The Portuguese African Colonies during the Second World War

TitleThe Portuguese African Colonies during the Second World War
Publication TypeBook Chapter
Year of Publication2015
AuthorsNewitt, Malyn, and Ahmad Alawad Sikainga
EditorByfield, Judith A., Carolyn Brown, and Timothy Parsons
Book TitleAfrica and World War II
Pagination220-237
PublisherCambridge University Press
CityNew York
Abstract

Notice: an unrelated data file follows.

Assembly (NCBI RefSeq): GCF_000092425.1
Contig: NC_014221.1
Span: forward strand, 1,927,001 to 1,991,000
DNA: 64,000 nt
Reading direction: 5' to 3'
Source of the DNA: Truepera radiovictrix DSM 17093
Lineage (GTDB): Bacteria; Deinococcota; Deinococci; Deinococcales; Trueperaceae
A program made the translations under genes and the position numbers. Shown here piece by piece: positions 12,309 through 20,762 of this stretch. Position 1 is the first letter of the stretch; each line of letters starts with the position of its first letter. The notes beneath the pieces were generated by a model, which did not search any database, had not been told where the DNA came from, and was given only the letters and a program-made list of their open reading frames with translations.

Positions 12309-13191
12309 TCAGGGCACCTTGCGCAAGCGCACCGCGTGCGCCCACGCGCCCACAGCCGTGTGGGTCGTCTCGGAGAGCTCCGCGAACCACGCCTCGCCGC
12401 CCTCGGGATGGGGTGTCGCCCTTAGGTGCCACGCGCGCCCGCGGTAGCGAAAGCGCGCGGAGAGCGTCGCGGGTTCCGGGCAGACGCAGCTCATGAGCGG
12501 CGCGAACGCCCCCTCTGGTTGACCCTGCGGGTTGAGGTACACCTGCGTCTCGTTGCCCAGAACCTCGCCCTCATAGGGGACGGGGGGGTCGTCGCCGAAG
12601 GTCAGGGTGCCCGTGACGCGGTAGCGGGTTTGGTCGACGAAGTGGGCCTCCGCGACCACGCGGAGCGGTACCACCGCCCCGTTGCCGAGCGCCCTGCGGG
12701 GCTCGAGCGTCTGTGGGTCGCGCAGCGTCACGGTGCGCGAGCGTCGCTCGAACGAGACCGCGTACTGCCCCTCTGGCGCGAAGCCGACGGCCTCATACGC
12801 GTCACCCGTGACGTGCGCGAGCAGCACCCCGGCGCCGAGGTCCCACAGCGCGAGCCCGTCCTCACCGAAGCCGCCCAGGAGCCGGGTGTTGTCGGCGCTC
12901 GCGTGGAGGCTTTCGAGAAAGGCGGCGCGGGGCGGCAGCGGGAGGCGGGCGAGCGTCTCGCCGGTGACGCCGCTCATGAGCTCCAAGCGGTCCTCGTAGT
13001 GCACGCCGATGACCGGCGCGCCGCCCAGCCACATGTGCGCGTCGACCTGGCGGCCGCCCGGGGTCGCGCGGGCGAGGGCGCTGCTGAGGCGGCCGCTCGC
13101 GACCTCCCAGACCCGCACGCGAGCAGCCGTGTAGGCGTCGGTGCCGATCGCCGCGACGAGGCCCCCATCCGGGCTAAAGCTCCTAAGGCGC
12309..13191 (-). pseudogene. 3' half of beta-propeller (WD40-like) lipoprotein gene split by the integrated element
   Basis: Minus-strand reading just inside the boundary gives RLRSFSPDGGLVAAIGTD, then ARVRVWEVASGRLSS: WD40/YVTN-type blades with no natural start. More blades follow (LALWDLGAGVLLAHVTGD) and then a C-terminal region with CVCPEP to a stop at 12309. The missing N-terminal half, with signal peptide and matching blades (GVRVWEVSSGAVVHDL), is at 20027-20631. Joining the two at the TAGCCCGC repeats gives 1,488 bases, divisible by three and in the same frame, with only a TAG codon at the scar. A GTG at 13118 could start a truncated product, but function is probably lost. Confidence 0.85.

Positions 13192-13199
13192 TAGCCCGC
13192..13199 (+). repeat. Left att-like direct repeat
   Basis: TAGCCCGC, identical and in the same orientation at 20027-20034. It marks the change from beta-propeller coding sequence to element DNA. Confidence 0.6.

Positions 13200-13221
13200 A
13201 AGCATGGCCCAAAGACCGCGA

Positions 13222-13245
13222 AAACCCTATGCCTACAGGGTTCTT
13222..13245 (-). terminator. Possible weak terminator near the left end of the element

During the First World War, both Angola and Mozambique had become battlefields in the struggle between Germany and the Allies, and in 1940, the authorities in Portugal, Britain, and South Africa feared that history would repeat itself. Both the Allies and the Axis weighed up the advantages and disadvantages of occupying Portuguese territory or of forcing Portugal into the war on their side. German policy was to persuade Franco to enter the war as an Axis ally, a move that would secure Gibraltar and effectively close the Mediterranean to Britain. Portuguese neutrality then would be unsustainable. In the end the Germans settled for Iberian neutrality, satisfied with the willingness of Salazar, the Portuguese prime minister, to provide Germany with the vital strategic mineral, wolfram. Britain, like Germany, preferred Iberian neutrality but with the proviso that “should Spain enter the war against us [it was proposed] to seize and hold both the Cape Verde Islands and the Azores as soon as possible, irrespective of the attitude of the Portuguese.” Salazar was in a delicate situation. If Franco entered the war on the side of Germany, Portugal would face the likelihood of German and Spanish invasion, since he was well aware that elements in both Spain and Germany considered the unification of the Iberian peninsula as a legitimate war aim. However, he knew that, if Portugal tried to save itself by entering the war as an Axis ally, Britain would seize the Portuguese colonies. Accordingly, Portuguese efforts were directed to persuading Spain of the benefits of remaining neutral. In July 1940, a protocol was agreed to by Spain and Portugal, which extended the Treaty of Friendship and Non-Aggression and gave “the belligerents the clear message that the Iberian powers had a common preference to remain at peace and to keep the war from the peninsula.”

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